|Publication number||US3931045 A|
|Application number||US 05/357,642|
|Publication date||Jan 6, 1976|
|Filing date||May 7, 1973|
|Priority date||May 7, 1973|
|Publication number||05357642, 357642, US 3931045 A, US 3931045A, US-A-3931045, US3931045 A, US3931045A|
|Inventors||Elton E. Rush|
|Original Assignee||Phillips Petroleum Company|
|Export Citation||BiBTeX, EndNote, RefMan|
|Patent Citations (4), Referenced by (8), Classifications (8)|
|External Links: USPTO, USPTO Assignment, Espacenet|
This invention relates to catalytic processes. More particularly, this invention relates to a method for activation of catalysts, especially solid olefin polymerization catalysts.
Many solid catalyst compositions, such as those employed in hydrocarbon conversion operations, e.g., polymerization, cracking, dehydrogenation, hydrogenation, and the like, require for maximum effectiveness an activation treatment which comprises subjecting the raw catalyst to elevated temperatures for an interval of time, while passing over the catalyst a stream of fluid which is inert, nonoxidizing, nonreducing, oxidizing, reducing, dry, or the like, depending on the particular nature of the catalyst and its intended use. One of the objects of such treatment is the removal of moisture from the catalyst, since water is a catalyst poison in many applications.
In their simpler form, catalyst activation processes comprise drying and heating an activating fluid such as air and passing it through a catalyst bed at a constant rate until the catalyst reaches the desired temperature, at which point the temperature of the activating fluid is stabilized and the catalyst is held at the activation temperatures for the proper length of time. However, solid catalyst compositions are often relatively impermeable, thus requiring a shallow bed in order to obtain the required flow of activating fluid. The bed thus becomes large and expensive.
In order to at least alleviate the deficiencies encountered in activating solid particulate catalysts, including the continuous removal of impurities and catalyst poisons from the activation zones and temperature control of the bed, fluidized activation processes have been developed. In these processes, the catalyst is heated by contacting it while in a fluidized state with a stream of activating fluid at elevated temperatures. While such fluidized activation processes do provide activated catalysts having distinct advantages over catalysts which have been activated by passing the heated activating fluid through a fixed deep bed of catalyst particles, such processes do have several shortcomings. For example, fluidized bed activation results in abrasion and attrition of the particles, which not only results in a loss of catalyst, at times in excess of 50 percent, but may also affect the productivity, i.e., pounds of product produced per pound of catalyst employed, and, as well, the molecular weight of the polymer. The catalyst is also affected by the manner in which the activating fluid contacts the catalyst. Generally, a high air/catalyst space velocity is desired, but if the air distributor under the bed does not properly fluidize the bed, large bubbles and spouts will occur in the bed and part of the bed may even be settled and stationary with very little air flow through these regions. Other disadvantages include the high investment and capital equipment, high fuel requirements for heating, larger equipment size, heavy weight, and the necessity to safely dispose of large volumes of very hot air, entrained catalyst fines, catalyst poisons and the like. Thus, it is evident that there is a need for improved methods of activating said particulate catalytic materials.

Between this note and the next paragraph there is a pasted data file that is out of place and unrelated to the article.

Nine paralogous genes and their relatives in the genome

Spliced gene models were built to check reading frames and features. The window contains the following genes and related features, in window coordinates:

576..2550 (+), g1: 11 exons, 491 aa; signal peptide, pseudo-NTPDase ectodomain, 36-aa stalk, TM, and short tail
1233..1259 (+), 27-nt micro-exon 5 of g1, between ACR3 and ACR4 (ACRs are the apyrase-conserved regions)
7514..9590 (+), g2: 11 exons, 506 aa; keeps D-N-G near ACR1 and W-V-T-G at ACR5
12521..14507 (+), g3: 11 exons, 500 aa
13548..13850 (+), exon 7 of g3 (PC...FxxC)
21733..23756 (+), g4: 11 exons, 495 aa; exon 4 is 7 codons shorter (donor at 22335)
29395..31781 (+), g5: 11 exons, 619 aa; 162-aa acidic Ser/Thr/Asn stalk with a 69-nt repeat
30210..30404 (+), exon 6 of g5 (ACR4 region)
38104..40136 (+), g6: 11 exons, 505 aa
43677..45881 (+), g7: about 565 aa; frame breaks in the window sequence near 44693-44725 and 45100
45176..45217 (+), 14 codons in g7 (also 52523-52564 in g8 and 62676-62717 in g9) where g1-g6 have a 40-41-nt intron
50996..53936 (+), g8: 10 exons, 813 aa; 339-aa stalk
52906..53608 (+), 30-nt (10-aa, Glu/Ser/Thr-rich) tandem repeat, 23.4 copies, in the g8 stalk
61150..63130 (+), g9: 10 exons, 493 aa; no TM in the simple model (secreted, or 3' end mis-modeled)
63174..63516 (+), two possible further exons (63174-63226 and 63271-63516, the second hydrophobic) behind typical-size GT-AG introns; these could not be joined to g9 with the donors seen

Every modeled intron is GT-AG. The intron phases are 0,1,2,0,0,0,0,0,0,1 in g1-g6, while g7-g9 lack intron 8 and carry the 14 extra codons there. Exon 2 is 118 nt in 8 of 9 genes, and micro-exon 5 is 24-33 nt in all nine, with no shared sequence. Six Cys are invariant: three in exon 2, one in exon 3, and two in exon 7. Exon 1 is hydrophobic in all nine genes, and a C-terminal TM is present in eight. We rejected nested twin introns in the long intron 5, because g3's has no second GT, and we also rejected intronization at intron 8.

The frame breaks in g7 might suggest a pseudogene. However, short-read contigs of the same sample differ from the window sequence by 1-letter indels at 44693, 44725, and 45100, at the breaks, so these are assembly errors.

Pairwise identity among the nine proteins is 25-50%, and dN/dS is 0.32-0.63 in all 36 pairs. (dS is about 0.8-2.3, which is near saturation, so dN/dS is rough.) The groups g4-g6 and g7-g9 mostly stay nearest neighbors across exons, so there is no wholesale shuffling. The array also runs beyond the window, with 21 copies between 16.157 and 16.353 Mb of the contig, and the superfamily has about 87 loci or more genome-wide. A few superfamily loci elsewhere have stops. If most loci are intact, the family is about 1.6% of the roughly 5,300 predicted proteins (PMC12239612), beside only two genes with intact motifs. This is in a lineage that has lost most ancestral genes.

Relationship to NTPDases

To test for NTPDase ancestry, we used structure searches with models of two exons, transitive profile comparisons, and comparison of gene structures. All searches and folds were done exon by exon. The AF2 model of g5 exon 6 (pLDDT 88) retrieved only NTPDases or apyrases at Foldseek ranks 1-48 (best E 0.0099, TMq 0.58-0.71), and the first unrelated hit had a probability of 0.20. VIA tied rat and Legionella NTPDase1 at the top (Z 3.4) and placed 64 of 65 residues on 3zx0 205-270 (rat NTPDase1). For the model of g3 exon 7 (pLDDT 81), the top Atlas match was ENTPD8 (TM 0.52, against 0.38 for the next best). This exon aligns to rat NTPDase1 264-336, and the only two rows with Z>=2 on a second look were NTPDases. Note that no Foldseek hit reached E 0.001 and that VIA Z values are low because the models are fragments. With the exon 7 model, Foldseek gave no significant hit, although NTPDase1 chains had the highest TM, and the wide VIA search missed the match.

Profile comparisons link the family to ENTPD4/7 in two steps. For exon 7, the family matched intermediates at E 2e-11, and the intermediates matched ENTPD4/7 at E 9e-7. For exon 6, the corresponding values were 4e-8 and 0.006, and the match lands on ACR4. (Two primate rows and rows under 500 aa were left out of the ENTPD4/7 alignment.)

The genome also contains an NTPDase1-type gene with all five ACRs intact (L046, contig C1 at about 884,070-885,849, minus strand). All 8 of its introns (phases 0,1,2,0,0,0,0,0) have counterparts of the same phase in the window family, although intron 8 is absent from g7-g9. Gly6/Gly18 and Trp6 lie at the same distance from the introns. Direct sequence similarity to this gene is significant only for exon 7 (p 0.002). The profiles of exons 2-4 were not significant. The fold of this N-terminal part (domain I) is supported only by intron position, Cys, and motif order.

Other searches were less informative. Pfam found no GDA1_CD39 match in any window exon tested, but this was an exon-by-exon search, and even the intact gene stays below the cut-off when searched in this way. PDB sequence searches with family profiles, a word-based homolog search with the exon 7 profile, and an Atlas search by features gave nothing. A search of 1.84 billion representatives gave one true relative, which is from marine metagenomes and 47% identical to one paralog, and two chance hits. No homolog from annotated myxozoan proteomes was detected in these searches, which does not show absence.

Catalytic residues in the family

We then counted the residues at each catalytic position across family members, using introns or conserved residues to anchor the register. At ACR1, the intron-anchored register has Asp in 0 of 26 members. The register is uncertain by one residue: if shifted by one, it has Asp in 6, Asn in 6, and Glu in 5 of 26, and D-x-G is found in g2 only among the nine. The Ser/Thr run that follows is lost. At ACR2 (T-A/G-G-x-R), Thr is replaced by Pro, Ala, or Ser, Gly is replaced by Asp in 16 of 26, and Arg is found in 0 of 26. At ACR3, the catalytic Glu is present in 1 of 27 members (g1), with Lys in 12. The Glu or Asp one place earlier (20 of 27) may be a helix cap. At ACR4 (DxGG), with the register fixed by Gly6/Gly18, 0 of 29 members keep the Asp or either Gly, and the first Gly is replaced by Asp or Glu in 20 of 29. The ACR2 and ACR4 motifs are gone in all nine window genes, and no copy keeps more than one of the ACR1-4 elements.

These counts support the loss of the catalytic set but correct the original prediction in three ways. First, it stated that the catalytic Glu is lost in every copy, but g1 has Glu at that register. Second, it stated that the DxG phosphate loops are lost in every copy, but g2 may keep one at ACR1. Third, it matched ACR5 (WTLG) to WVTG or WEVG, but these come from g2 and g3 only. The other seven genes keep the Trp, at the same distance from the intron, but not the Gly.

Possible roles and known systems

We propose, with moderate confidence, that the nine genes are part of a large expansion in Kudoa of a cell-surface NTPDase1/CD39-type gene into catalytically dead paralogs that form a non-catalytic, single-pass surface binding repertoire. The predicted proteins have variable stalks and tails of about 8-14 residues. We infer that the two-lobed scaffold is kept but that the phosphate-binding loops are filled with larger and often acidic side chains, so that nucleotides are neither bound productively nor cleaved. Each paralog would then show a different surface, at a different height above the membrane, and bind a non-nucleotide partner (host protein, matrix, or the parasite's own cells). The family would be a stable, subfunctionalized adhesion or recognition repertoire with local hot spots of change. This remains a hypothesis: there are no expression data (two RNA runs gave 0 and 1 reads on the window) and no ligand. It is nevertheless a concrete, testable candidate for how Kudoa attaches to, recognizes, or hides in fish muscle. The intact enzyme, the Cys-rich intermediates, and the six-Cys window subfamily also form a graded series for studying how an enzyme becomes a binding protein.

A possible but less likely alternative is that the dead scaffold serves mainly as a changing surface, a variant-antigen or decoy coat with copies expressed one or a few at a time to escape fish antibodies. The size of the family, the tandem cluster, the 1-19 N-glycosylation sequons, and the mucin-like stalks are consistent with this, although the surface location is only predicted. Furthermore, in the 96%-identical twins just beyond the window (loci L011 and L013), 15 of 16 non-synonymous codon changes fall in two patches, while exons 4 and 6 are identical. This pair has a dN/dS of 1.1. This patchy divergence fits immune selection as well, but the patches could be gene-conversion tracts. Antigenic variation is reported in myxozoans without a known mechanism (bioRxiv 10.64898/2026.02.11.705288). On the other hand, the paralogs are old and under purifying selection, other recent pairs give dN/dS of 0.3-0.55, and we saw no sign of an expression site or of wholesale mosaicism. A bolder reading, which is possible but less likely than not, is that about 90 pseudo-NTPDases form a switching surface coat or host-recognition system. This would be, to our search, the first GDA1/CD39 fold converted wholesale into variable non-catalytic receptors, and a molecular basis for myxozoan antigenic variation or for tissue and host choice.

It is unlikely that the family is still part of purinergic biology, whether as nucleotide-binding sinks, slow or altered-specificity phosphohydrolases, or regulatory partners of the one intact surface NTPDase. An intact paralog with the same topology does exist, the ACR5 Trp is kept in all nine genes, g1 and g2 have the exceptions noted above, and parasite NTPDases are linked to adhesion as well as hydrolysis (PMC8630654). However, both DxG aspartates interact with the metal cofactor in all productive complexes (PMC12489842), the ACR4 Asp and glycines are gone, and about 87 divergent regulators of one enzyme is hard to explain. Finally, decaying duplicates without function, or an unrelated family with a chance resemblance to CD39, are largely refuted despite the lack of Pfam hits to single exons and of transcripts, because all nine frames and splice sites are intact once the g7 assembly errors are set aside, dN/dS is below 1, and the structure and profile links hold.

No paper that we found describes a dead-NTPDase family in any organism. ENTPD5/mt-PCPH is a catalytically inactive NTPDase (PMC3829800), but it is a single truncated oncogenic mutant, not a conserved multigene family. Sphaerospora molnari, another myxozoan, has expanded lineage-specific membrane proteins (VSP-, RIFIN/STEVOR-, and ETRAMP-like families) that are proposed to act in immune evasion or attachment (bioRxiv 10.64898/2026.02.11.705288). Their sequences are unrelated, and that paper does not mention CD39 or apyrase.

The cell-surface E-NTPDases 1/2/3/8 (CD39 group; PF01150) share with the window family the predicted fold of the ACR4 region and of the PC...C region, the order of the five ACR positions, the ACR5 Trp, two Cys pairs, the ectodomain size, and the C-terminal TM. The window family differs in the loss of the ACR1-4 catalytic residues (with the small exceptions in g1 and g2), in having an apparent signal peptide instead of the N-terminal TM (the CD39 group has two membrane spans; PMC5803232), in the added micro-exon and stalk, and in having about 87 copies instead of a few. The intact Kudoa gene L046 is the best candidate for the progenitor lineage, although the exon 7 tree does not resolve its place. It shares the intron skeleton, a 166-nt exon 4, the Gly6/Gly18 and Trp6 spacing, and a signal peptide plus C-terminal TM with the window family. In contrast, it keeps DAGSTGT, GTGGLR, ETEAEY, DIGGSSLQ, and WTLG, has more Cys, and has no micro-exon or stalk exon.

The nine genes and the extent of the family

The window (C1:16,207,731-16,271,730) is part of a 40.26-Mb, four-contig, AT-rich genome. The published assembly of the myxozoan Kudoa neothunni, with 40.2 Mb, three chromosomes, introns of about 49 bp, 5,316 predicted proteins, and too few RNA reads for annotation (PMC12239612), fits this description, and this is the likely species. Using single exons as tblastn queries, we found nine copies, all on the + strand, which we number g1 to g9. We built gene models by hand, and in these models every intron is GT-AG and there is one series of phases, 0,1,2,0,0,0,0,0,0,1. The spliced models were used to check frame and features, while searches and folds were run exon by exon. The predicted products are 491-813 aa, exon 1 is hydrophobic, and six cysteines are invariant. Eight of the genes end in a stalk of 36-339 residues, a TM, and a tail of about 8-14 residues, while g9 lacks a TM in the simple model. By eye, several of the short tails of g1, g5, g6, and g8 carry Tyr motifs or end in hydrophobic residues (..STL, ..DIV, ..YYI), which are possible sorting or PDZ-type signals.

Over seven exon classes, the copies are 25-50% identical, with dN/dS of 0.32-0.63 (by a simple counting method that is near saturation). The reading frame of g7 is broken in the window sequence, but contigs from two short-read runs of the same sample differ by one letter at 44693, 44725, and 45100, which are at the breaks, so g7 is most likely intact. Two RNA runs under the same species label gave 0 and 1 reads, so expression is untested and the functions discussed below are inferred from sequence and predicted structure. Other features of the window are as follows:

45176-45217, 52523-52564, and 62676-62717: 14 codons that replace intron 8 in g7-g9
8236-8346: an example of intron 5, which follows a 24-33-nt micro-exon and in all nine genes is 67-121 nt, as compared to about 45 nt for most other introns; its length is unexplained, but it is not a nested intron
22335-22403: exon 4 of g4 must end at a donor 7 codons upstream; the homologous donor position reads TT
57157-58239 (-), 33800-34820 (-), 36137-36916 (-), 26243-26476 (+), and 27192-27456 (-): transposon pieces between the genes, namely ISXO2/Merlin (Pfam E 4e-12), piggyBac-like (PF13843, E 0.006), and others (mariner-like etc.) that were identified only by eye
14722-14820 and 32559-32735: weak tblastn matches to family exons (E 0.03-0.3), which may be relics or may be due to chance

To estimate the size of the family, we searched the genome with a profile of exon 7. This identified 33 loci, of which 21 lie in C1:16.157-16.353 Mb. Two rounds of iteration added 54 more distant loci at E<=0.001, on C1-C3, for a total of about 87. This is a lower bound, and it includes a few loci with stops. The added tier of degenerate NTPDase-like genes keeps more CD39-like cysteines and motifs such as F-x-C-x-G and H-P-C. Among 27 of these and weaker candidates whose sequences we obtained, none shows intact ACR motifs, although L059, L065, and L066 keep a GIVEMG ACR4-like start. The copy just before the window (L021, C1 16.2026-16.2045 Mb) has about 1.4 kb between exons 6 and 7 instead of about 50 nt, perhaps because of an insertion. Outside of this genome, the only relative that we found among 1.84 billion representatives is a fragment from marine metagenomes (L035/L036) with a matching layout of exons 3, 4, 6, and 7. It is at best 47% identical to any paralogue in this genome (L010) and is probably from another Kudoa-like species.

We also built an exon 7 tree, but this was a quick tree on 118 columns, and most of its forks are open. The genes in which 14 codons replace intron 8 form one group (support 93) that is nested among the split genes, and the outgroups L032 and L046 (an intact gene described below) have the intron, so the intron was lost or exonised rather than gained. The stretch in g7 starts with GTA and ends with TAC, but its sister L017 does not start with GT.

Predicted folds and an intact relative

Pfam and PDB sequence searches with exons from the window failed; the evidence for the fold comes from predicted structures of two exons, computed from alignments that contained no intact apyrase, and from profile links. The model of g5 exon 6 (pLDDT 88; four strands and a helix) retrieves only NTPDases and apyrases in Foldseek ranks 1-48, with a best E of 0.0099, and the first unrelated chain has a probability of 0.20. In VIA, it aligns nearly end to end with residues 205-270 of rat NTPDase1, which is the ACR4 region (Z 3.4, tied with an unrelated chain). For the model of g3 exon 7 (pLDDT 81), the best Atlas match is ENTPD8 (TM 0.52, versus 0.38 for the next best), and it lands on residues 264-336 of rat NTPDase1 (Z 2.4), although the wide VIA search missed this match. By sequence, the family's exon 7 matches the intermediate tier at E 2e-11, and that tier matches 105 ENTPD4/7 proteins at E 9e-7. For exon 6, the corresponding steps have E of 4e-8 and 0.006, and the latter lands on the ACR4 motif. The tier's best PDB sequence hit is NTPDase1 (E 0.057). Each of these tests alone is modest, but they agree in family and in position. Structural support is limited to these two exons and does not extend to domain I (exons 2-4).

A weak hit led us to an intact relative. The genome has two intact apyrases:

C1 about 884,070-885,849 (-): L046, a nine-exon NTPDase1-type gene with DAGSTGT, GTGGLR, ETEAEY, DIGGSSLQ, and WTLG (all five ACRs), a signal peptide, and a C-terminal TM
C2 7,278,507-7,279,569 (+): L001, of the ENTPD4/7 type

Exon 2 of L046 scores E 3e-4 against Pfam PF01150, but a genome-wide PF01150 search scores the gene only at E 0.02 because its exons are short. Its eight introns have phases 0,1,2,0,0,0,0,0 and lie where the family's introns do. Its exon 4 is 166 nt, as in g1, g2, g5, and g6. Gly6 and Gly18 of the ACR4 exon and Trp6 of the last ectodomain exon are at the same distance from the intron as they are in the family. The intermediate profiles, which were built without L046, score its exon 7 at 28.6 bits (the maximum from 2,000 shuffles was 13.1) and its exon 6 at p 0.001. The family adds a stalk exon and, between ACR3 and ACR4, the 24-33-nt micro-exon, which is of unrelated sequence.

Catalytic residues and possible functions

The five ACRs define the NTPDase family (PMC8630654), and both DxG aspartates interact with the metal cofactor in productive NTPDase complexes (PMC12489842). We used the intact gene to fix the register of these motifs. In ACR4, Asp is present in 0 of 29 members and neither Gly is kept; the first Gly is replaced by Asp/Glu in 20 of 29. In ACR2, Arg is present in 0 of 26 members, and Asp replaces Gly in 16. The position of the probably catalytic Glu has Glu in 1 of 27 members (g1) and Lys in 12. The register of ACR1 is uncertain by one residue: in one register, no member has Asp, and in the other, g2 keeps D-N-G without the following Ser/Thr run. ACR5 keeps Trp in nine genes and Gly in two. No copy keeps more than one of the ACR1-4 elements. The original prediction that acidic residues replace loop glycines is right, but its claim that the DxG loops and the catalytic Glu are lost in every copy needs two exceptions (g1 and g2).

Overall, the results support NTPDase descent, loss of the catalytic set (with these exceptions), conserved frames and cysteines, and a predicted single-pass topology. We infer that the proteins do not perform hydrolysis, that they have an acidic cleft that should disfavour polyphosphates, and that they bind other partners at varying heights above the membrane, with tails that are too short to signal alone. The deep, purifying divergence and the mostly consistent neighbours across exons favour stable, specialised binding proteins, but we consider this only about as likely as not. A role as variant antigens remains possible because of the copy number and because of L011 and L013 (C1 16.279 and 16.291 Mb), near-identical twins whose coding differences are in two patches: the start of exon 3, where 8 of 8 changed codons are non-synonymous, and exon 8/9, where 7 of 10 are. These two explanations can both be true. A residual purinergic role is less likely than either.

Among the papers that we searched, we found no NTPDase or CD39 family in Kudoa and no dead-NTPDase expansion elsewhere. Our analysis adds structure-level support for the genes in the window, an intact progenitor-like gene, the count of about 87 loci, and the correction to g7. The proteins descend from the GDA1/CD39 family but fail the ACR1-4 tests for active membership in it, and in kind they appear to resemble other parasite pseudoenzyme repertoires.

It is an object of this invention to provide a process for activating solid catalysts.
It is another object of this invention to provide a process for activating solid olefin polymerization catalysts.
It is another object of this invention to provide a process for activating water-sensitive catalysts.
It is another object of this invention to provide a process for activating chromium oxide-based polymerization catalyst, particularly such catalysts as are employed in the polymerization of monoolefins.
These and other objects, aspects, and advantages of the invention will be apparent from a study of the disclosure, drawings, and appended claims.